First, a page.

Friday, 15 July 2011

Harry Potter and the Deathly Hallows (Part 2) (2011) - David Yates

(N.B I have kept this review spoiler free for anyone not familiar with the plot)

And so it ends.  After eight long films, the series reaches its climactic final installment.  But does it live up to the hype?


But then, with hype at astronomical levels it was never going to.  What it is, is a totally fitting end to the series in the best and worst senses.

With each successive installment, the films have got darker and Deathly Hallows (Part 2) is the darkest of the lot - a film that centres squarely on death.  And the 'Part 2' in the title is highly significant, starting literally where Part 1 ended.  Individually each film feels unsatisfying - it will only be when both films are out on DVD that we can watch the full narrative unfold as originally intended.

And as a result of being essentially half a film, it does suffer from pacing issues.  After a slow start (and a slightly underwhelming set-piece involving a dragon) the film whips by pretty quickly, missing out moments from the book and not quite giving all the characters the screen time they deserve.  This, however, is the curse of the book-film and something that fans have had to contend with all series.  Hey, we're used to it by now - but that doesn't mean we can't still complain.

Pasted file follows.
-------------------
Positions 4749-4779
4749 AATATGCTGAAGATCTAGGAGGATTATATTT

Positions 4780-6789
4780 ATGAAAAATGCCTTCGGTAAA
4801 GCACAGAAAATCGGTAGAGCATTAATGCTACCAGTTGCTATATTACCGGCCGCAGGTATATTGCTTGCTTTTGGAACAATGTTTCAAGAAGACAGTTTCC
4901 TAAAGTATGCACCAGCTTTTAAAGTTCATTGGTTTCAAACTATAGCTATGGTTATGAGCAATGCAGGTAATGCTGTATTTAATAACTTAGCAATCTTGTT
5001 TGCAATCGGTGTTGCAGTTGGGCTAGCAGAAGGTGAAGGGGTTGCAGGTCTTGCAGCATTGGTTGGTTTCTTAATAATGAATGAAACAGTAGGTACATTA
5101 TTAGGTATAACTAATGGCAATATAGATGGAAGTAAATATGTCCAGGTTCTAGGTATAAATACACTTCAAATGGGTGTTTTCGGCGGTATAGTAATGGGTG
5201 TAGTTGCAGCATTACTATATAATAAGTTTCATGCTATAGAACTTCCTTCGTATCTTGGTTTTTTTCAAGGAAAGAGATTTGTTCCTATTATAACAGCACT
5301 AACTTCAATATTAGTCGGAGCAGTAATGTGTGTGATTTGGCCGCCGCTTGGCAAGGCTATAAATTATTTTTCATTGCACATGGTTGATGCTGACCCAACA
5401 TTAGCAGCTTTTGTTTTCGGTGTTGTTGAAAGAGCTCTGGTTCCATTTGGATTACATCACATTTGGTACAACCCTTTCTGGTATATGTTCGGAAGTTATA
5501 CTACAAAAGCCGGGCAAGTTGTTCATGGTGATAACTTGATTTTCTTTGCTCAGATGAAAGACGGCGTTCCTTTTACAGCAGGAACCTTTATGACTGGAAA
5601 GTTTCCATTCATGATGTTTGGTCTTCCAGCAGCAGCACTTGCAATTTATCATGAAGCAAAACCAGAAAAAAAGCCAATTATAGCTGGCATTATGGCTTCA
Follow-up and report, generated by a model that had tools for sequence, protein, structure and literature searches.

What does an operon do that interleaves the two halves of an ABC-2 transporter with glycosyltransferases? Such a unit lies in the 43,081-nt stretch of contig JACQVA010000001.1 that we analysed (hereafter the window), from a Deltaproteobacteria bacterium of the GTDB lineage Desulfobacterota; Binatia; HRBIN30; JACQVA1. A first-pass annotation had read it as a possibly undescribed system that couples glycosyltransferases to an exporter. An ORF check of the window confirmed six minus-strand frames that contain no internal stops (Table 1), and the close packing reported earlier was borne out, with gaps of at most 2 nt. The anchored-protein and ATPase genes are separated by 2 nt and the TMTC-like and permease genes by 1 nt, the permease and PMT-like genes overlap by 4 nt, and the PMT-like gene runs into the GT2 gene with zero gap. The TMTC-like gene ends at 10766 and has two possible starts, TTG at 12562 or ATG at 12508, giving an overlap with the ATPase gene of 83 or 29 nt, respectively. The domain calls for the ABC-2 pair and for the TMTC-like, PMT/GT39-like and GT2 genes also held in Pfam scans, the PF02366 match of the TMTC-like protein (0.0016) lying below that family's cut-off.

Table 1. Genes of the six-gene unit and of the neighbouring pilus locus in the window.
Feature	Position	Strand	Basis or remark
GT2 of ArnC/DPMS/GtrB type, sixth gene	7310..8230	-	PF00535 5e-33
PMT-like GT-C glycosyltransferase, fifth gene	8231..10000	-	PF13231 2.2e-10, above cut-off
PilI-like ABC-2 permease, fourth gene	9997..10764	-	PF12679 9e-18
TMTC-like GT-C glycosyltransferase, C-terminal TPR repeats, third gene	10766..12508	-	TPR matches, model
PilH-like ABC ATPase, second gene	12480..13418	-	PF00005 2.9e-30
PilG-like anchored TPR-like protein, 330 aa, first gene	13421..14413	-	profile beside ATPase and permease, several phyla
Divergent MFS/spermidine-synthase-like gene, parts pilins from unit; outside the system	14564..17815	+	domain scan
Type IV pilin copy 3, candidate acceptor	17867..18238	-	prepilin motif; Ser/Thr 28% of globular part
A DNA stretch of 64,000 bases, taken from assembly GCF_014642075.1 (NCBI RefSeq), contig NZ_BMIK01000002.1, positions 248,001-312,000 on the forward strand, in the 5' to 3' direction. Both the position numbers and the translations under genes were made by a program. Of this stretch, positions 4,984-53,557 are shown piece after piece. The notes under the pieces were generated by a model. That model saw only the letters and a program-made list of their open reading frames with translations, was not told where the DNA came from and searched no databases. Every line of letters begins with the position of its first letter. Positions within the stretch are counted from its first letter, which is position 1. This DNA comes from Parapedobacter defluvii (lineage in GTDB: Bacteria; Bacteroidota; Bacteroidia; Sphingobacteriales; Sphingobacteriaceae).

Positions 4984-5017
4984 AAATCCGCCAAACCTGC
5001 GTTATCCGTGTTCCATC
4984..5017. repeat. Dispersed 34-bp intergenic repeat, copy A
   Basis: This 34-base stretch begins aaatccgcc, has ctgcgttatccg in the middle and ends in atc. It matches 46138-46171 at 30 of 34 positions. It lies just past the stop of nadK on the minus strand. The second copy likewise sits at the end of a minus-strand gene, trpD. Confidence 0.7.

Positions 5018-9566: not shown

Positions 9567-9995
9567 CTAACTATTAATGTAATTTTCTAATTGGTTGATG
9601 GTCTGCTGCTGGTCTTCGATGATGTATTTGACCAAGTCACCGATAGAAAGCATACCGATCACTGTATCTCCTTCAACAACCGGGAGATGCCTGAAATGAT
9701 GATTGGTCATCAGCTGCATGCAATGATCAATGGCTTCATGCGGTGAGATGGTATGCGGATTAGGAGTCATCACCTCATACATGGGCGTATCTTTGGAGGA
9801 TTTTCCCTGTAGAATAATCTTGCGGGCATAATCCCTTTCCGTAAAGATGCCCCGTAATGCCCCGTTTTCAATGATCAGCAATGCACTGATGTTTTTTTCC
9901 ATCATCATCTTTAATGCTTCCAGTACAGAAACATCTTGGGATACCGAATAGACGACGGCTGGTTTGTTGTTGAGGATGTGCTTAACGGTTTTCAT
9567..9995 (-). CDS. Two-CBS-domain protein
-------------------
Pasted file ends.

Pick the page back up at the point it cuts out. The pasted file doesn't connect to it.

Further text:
It does remain totally faithful to its source material though and delivers a thrilling story that is exciting with every twist and turn - the film's emotional core, involving a certain Professor, is played to perfection.  The art direction is sensational, with a coldly realised Hogwarts destroyed in sensational fashion.  Despite being so dark it's practically black and white, there are colourful moments aplenty - particularly with some incredibly inventive spell effects.  This applies to the script as well, filled with comic one-liners.  The majority of the film takes place within the 'Battle of Hogwarts', forming a spectacular backdrop to the action that can only be described as epic.  The performances are mostly limited, both in terms of screen time for some and acting ability for others.  But it's never less than utterly enjoyable - a magical end to the series.

Except it doesn't quite end where it should.  Just as the book's epilogue threatened to ruin the entire series in one fell swoop, the film's final scene almost undoes all of Yates' hard work.  It's a sickening and unnecessary finale, with the minimally made-up threesome looking mildly paedophilic.

So then, the eighth film is as magical yet flawed as the rest.  Haters will continue to hate; fans will forgive the flaws and love it endlessly.  I fall in the latter camp.

Now don't mind me, I'm off to re-read the whole series and relive my youth.